Emily Vilcsak is a MacEwan student and one of our community members at Roundhouse. Last week, she wrote a blog highlighting our space, so we had to return the favour. We love getting an inside look at the cool things our members are up to!
Emily manages a full time workload of communications freelancing but also dedicates her time speaking at schools around Edmonton with her youth empowerment program, Mission I’mPossible.
We sat down with Emily last week to learn a bit more about her!
What are you taking in school?
I’m in my third year of the Bachelor Communication Studies program majoring in Professional Communications.
What lead you to pursue this degree?
When I heard about the degree I fell in love with how new and fresh it was. I’m a total people person so it was right up my alley. My focus in the degree is on external communications, whether that is presenting my youth empowerment program at schools and conferences or taking on a variety of communications contracts doing design, copywriting, social media (and lot’s of stuff in between). This degree has given me the opportunity to combine my love for writing, business and public speaking. The best part? I get to work in the industry while going to school.
What does entrepreneurship mean to you?
In my life, entrepreneurship means problem solving, creativity, and taking risks (after research and planning, of course). Being an entrepreneur has allowed me to combine my passions and my work, all while fueling my creativity. However, with entrepreneurship comes challenges. It’s how you grow and learn from these challenges that makes all the difference.
What do you do for fun?
Travel! The best part about being a communications freelancer is that all of my work can be done from my laptop, so most of my contracts are remote. In February, I went to Switzerland for reading week and I’m heading to Colombia in April. I crush out most of my work on planes or get up early and work from local cafes. Travelling to new places always inspires my creativity in my personal and contract work.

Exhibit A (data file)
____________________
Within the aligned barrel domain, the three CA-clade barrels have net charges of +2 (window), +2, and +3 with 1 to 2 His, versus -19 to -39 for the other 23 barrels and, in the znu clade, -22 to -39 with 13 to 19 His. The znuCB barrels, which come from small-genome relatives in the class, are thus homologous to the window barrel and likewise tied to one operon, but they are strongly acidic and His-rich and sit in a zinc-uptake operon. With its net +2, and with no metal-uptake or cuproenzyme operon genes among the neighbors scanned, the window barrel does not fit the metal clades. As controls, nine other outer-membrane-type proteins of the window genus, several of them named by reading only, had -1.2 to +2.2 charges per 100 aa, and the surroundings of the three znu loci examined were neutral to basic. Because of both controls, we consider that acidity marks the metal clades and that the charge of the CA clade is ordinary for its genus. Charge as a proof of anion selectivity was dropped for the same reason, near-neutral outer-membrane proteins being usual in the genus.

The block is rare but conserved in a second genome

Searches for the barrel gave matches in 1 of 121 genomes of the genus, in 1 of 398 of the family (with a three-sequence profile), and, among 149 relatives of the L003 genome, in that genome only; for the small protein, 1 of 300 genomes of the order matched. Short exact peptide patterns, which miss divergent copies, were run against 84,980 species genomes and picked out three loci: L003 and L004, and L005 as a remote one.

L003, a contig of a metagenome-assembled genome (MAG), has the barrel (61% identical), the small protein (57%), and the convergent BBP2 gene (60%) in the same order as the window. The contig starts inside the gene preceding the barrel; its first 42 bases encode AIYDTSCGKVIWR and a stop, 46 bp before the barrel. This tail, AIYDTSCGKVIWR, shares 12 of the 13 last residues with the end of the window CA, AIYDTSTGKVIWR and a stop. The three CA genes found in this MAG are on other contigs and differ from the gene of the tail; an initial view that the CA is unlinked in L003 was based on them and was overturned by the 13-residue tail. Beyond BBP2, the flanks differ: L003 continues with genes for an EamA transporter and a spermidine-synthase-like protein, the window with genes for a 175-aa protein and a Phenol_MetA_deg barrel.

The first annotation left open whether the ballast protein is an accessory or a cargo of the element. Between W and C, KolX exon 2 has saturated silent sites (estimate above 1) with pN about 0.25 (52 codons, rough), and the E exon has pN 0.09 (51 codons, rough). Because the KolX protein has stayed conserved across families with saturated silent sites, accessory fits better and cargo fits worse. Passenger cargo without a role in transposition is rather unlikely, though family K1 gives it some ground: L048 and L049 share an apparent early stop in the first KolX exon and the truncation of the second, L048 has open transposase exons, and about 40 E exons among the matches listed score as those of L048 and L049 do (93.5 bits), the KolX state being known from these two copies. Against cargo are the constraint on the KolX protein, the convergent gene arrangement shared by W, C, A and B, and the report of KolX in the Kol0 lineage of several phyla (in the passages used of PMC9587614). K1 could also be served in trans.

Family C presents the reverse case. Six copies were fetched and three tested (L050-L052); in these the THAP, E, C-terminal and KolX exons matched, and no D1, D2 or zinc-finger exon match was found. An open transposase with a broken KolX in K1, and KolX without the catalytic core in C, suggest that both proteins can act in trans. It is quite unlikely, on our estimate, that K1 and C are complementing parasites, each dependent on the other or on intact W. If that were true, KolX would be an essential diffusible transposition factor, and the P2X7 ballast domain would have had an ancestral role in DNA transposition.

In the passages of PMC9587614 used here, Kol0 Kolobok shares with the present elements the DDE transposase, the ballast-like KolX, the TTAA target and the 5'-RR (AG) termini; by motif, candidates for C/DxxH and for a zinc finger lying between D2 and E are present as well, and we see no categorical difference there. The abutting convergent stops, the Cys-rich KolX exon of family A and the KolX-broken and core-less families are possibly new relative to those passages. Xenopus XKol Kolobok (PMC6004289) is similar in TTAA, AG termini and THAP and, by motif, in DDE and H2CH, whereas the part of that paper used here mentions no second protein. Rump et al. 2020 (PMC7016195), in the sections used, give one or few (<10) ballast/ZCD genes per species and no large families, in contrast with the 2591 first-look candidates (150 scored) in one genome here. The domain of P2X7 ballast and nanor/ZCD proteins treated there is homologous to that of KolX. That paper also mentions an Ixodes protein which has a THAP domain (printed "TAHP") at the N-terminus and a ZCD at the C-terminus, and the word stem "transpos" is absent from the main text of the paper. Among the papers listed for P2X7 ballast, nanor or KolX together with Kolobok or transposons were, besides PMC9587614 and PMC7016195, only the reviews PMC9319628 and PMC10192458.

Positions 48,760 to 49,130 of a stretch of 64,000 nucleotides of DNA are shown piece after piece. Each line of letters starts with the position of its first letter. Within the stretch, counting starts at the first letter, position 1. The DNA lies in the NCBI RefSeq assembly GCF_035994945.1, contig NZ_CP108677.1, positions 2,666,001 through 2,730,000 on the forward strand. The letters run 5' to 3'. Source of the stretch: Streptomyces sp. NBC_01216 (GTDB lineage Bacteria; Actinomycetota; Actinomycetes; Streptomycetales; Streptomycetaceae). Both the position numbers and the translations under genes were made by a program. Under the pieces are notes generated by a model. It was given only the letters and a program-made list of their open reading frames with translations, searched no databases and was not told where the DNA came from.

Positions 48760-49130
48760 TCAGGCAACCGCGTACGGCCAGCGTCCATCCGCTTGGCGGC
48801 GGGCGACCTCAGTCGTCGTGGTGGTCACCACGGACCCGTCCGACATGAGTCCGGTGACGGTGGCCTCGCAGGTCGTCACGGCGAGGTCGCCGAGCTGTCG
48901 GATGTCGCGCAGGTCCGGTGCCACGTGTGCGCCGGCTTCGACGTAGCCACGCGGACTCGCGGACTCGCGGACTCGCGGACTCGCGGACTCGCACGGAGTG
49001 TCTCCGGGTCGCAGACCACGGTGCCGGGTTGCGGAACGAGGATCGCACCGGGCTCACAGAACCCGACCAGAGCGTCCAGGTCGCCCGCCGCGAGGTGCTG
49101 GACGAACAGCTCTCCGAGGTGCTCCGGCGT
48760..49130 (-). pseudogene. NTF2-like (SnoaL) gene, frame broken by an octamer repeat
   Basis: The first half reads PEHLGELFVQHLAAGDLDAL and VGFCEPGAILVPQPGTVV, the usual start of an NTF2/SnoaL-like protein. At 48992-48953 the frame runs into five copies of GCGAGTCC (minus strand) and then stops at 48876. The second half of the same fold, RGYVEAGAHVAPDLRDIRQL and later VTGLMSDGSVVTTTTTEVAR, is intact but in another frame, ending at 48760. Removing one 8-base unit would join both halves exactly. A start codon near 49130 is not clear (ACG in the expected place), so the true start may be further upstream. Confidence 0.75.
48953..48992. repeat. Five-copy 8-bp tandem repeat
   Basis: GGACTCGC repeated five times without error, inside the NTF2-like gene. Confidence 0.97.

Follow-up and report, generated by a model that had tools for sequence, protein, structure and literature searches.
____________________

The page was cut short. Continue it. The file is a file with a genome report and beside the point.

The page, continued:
What has been your biggest takeaway about life as an entrepreneur this far?
I’ve learned through my entrepreneurial work that connections are everything, and this applies to me on many different levels. Of course, networking connections are important on the business side of the work that I do, but it also applies to personal connections and my connections to myself. I’m able to connect to myself best through self care and journaling. When I’m focused on these different connections, I find a balance that enables me to be passionate about everything I’m involved in, whether it’s work, school, volunteering or my social life. For me, balance means work hard, play hard!
What do you think is the most important part of your work?
I often work as the connection between a company and its audience, which can take many forms depending on the project I’m working on. One important part of my work is to develop external key messaging for a company. My work begins with understanding who the company is and what they do. Next, I find the connections between the internal workings of the company and the benefits it offers its audience. From there, I brainstorm all the slogans, taglines and messaging I can think of. I narrow it down, refine and send it to my client for review.
What advice you would give your 16-year-old self?
Breathe. I love to be busy. I find that’s when I do my best work and have the most fun, but with busyness comes burnout and that’s something I’ve always struggled with. Over the last few years, I’ve been working to incorporate rest into my schedule, which usually looks like hanging out with friends or exploring the city! Sunday brunch is my favourite way to take a break.
What is your favourite part about working in Roundhouse?The people! One of the troubles of being a freelancer is that it’s very individual work. Being around other entrepreneurs and creatives absolutely fuels the work that I do. There are so many great opportunities for students at Roundhouse, like the upcoming series for student entrepreneurs called “Making Your Business Idea a Reality.” It’s a free event and students get to hear from incredible local professionals. I’ll be attending and I hope to see a bunch of MacEwan students there too!